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Garden Talk

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"GardenTalk", a regular feature for The Gazette, brings to you the combined experience and expertise of Holly Lake's dedicated gardeners and others. A continuing focus will be subjects of interest to anyone who has ever bought a packet of seeds or dug a hole in the ground for a plant, as well as the dedicated and sharp-eyed observers of nature. "GardenTalk" will not only inform you each issue but solicits your ideas and personal gardening experiences which you may wish to pass on to others. The hope is that "GardenTalk" will enrich us all as well as help make Holly Lake even more beautiful.
It is January 3 and Rick and I have just spent the morning kayaking Holly Lake - can you believe it is January??? Hellooo, Mark Scirto, I need some cold, dreary weather. A true gardener relishes the cold weather as much as the seasons for growing. This is the time that a gardener will sit by the fire, hot cocoa in hand, perusing the gardening catalogs and dreaming of gardens abloom this summer.
Gardening catalogs are particularly convenient when you are pressed for time or limited by distance. And, if you find a source that handles plants adapted to our east Texas conditions, the costs generally outweigh those of the big box stores. Garden catalogs that cite species by zones, sunlight and water conditions and resistance to pests are extremely reliable. Therefore, what you purchase should grow in our area. If not, many companies have guarantees. The initial cost will be more than the big box store but you can't beat the ease of an adapted plant being delivered to your door.
Here are some tips when ordering on-line or by catalog:
Order early for availability. Track your order (you don't want to be gone on an extended holiday when your plants are delivered). Use only one or two companies and order as much as you can from these two companies. Shipping charges can add up!! Prepare your beds ahead of time or have a place to nurse your seedling until it is time to put into the ground. Find a neighbor so that you can split the order. Some companies offer discounts for larger orders. Save ordering info, shipping info and tags or information that accompanies a plant. Keep a journal to document plant growth. A good web site where gardeners post personal experiences with mail order companies is www.davesgarden.com/products/gwd.
This year you might want to try an independent garden center, which is more familiar with landscape conditions in our area and can provide suggestions for planting a sustainable landscape. A sustainable landscape is one that is planted with awareness of surroundings (sun, shade, soil, etc.) and plants (native and adapted), is composted freely and watered once a week or less. The big box stores sell plants to get you inside the store to buy high-dollar items and yes, they do sell native and adapted plants. Your choice!
Now, here is where you say, "but Ann, we live at Holly Lake. We have shade, sugar sand, deer and a lot of rain." There are resources out there that will recommend plants adapted for our area. Sometimes gardeners have to be willing to change their idea of what a garden is. One idea is a fern dell. A fern dell is an extremely beautiful type of shade garden. There are many ferns with different color foliage, different texture, varying leaf shape, upright or cascading growth and that are well suited for our area. This type of garden makes a lovely vista.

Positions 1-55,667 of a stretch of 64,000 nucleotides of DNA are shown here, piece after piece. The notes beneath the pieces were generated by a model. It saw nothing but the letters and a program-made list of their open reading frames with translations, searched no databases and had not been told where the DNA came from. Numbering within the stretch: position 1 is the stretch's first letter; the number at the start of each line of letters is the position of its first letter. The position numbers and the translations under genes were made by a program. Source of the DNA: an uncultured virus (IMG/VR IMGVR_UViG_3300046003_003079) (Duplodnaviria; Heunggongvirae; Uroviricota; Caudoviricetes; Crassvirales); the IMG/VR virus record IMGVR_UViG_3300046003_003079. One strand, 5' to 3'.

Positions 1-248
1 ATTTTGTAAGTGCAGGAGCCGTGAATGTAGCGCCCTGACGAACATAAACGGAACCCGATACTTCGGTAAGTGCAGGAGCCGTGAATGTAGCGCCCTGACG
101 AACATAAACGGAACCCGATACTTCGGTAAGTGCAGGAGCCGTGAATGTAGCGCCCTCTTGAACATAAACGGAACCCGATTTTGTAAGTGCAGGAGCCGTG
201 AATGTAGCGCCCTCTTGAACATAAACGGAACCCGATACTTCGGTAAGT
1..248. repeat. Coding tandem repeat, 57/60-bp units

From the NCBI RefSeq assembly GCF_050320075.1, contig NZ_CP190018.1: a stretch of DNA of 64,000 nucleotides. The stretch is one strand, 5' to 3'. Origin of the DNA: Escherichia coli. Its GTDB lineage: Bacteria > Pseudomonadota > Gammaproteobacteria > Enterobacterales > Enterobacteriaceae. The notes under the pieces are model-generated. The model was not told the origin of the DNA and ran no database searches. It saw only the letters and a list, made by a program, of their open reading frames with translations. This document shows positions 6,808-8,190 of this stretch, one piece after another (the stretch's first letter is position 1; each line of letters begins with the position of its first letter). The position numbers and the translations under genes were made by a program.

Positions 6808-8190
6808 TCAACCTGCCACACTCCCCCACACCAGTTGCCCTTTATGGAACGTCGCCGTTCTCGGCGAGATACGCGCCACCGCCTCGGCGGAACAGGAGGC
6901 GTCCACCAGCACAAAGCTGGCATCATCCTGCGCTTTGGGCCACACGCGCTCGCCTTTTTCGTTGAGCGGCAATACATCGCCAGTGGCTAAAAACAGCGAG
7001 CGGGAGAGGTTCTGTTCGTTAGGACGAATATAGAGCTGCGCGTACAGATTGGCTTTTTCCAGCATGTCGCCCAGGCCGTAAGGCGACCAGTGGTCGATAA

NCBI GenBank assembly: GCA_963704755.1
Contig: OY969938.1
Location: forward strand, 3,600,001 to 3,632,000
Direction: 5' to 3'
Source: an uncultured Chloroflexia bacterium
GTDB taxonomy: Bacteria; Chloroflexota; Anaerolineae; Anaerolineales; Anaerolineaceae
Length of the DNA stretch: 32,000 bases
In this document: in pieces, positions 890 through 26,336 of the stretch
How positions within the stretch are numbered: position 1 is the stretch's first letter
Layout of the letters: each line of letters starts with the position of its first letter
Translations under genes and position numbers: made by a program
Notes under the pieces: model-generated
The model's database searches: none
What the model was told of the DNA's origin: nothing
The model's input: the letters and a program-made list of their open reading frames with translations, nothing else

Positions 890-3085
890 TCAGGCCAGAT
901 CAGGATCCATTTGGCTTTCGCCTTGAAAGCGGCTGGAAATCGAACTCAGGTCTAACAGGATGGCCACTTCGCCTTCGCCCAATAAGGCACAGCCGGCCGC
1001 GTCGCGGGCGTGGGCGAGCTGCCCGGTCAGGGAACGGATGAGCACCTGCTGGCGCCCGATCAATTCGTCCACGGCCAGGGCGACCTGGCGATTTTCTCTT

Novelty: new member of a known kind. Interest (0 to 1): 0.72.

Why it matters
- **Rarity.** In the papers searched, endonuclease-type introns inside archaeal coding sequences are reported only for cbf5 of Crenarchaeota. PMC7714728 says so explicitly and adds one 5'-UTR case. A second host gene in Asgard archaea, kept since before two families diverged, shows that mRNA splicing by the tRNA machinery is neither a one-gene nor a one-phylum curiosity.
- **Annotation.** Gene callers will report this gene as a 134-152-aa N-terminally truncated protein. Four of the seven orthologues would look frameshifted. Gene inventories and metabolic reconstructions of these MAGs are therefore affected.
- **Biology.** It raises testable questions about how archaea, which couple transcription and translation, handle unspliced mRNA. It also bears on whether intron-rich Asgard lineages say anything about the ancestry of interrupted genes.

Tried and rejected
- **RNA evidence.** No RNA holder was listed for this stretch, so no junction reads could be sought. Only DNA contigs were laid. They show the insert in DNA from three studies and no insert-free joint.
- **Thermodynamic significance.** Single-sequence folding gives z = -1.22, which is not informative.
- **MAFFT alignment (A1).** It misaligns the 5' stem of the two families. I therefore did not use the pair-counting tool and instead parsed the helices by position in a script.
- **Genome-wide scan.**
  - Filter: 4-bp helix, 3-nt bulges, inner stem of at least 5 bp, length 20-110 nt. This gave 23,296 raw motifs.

How about a rain garden? Rain gardens are slight depressions in the soil, usually a few yards in diameter, filled with native plants that take advantage of rainfall and storm water runoff in design. Rain gardens are sited ideally close to the source of the runoff and serve to slow the storm water as it travels downhill, giving the water more time to infiltrate and less opportunity to gain momentum and erosive power. Plants should be chosen that are generally suited to our location, moisture and exposure requirements. Some plants that won't give up when it rains are: bee balm cardinal flower, blue-eyed grass, threadleaf coreopsis, purple coneflower, goldenrod, Russian sage, blazing star, and switch grass.
Another idea for a moist area is a bog. The big difference between a pond and a bog garden is a pond contains standing water while a bog garden is just wet ground, so the conditions suit different plants. However, it's not just the degree of wetness that's different. Pond plants need a low-nutrient environment with as little organic matter as possible, whereas bog plants like quite the reverse, with lots of nutrients and all the organic matter they can get. So although a pond and a bog garden are natural partners, they provide very different habitats.
And then there is the plain old shade garden. To create a shade garden in our area, you will need to add at least 2-3 inches of humus (compost) to the soil. Since the shade garden requires less irrigation, you might want to consider a drip irrigation system or use soaker hoses. Choose shade plants that are texturally pleasing. Variegated foliage provides contrast. Combine different textures to create a tapestry. Pair broad, bold leafed species with lacy leafed varieties. Trees with varying shade of bark and bark pattern are also interesting to the eye and provide different shade patterns during the day. There are all sorts of grasses and sedges that provide movement in the garden. To weave more interest into the garden, plant natives or perennials in the "puddles" of sunlight.
So there you have some ideas to ponder during the cold winter month of January. Peruse the catalogs; plan your garden, dream of butterflies and sing along with me, "Doing the garden, digging the weeds, who could ask for more? Will you still need me; will you still feed me, when I'm sixty-four?" The Beatles, 1967.
Ann Reynolds
Vice President, Holly Gardeners
Certified Master Naturalist